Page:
Here, the agencies have teams and managers who have already figured out the most efficient way to manage the project. Since they might have worked on similar projects in the past, they probably have a better hang of how to go about a certain project in order to reduce the time required to complete the project on time.
Project outsourcing requires that the requirements of the project be set and agreed upon before the start of the project itself. Minor changes or additions might not affect much, but anything significant could lead to a change in the terms or costing and timelines of the project.
With staff augmentation, any change in requirements would mean directing the team in a different direction. Explaining the changed requirements and getting it done has no effect on the contract with the IT staffing agency.
The process becomes more straightforward and easier to manage as compared to project outsourcing.
Where and with whom you work makes a difference in your productivity. It is more comfortable to work in a stable known environment with known people around you.
With project outsourcing, the agency's employees are used to the environment they work in. Even if the projects differ, they work with the same people. It leads to more meaningful friendships and understanding between the teammates. They are also used to the tools they have to work with, thus reducing the time required to get the hang of the work environment.
Such a healthy atmosphere to work in leads to better productivity and overall work culture.
With staff augmentation, working in a different atmosphere with different people needs to get used to in the beginning.
Each company might use different tools and might have different work culture and environment. Getting the hang of all these factors could lead to low productivity in the starting few days.
The employees might not be as invested in the project or the team as they know that they would have to work on a different project with another organization sometime in the future. This could be a de-motivator and could lead to the employees not giving their 100%.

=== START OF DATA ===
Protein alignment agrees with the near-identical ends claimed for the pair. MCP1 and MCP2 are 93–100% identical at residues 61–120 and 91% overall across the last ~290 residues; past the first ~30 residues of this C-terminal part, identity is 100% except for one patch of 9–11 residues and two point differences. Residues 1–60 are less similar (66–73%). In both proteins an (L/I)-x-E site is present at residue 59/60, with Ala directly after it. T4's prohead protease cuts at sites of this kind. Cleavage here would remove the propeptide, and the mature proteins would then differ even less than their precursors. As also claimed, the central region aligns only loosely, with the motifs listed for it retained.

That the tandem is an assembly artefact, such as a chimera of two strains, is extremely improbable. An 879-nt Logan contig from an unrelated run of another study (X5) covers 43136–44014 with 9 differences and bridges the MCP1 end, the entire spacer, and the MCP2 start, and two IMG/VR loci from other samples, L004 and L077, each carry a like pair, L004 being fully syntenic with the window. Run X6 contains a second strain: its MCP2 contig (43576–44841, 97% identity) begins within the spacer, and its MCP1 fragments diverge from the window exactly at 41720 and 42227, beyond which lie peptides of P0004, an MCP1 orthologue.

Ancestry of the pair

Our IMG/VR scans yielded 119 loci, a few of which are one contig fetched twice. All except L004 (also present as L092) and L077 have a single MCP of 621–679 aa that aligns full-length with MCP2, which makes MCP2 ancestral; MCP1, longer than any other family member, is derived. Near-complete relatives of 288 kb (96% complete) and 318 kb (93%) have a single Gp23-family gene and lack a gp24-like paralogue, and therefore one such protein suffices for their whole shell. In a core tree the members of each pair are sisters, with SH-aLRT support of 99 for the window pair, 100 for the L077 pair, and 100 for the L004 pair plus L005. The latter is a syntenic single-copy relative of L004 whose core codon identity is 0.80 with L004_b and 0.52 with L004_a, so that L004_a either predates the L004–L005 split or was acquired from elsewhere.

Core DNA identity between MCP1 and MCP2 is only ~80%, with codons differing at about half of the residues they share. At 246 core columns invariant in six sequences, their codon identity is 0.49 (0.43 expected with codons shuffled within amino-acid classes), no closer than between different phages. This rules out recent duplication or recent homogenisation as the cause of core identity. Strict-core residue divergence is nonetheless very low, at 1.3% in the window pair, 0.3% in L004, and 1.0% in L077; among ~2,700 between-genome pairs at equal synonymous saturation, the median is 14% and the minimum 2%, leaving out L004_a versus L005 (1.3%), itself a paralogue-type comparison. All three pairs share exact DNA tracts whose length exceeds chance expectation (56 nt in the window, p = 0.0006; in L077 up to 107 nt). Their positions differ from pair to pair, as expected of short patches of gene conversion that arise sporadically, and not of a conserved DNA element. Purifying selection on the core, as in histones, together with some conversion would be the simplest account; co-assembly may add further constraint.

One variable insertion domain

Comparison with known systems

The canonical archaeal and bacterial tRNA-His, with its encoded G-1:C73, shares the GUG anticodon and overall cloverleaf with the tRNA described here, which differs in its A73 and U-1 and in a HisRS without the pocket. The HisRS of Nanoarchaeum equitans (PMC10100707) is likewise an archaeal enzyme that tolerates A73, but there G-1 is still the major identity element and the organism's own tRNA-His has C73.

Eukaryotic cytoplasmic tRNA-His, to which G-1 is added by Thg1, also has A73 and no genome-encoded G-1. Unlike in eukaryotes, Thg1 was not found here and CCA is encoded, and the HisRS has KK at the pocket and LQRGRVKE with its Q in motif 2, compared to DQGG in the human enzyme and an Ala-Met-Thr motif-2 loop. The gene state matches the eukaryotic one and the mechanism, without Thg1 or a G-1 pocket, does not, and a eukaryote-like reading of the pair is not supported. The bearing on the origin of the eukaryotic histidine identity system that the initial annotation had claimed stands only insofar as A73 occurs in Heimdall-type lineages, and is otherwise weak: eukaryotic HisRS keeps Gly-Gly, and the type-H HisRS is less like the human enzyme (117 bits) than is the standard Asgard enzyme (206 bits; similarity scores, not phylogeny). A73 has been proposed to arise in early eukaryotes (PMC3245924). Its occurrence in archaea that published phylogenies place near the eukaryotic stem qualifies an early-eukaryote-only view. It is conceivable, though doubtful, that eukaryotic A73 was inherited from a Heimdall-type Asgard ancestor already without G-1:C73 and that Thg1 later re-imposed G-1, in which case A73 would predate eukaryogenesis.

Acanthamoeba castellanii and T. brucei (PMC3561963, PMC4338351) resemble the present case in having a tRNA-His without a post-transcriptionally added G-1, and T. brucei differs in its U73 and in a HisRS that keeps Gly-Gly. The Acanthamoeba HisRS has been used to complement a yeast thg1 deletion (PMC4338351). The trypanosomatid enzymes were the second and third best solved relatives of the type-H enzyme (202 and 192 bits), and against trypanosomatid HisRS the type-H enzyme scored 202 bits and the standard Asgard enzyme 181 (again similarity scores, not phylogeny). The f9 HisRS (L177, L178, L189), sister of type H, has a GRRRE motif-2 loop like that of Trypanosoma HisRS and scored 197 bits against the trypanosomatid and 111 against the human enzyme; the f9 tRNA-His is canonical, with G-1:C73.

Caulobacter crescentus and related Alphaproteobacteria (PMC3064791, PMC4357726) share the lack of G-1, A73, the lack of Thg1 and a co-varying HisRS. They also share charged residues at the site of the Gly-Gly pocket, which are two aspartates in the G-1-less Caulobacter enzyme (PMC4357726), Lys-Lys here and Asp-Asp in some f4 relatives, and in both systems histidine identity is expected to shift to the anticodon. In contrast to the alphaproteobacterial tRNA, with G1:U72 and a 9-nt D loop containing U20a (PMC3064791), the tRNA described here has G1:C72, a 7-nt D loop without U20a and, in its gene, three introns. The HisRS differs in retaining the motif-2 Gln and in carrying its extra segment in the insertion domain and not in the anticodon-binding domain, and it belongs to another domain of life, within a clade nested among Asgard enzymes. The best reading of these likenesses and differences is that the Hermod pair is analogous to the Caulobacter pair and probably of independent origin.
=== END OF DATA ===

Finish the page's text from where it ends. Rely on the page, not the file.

The relationship between the vendor and the organization does impact the success of the business.
With project outsourcing, there is more direct involvement of both the parties in the project. A close partnership is required to understand the requirements of the projects better. It is also necessary to understand the organization's limitations and the agency both for the arrangement to work out.
There is more involvement and communication between the two parties throughout the project. Both are equally involved with the end result and the success of the project.
With staff augmentation, however, once the personnel is on boarded with the organization, the IT staffing agency need not pay attention to the development of the project. There is a lesser need for communication between the organization and the vendor once the project starts.
The only relation between the two parties is of the amount of personnel required and the duration for which the organization needs them.
Such partnerships often end with the project. The agency delivering the required staff is not quite so invested in the project's success or failure.
There are times when adopting either one of the above models might not cut the requirements. Even after trying both the models individually, it might not be enough to complete the projects on time. In such a case, the organization can consider the option of a hybrid approach. Here, the company would be able to alternate between staff augmentation and project outsourcing according to the requirements or progress of the project. Or they could have both working at different stages in the development process.
The two methodologies do seem lucrative, but they do not reduce the importance of in-house employees. They have their duties and responsibilities.
Both models have their pros and cons. One model might work for some organizations but might not work for another. It depends on the requirements and available resources for the organization and also the particular project.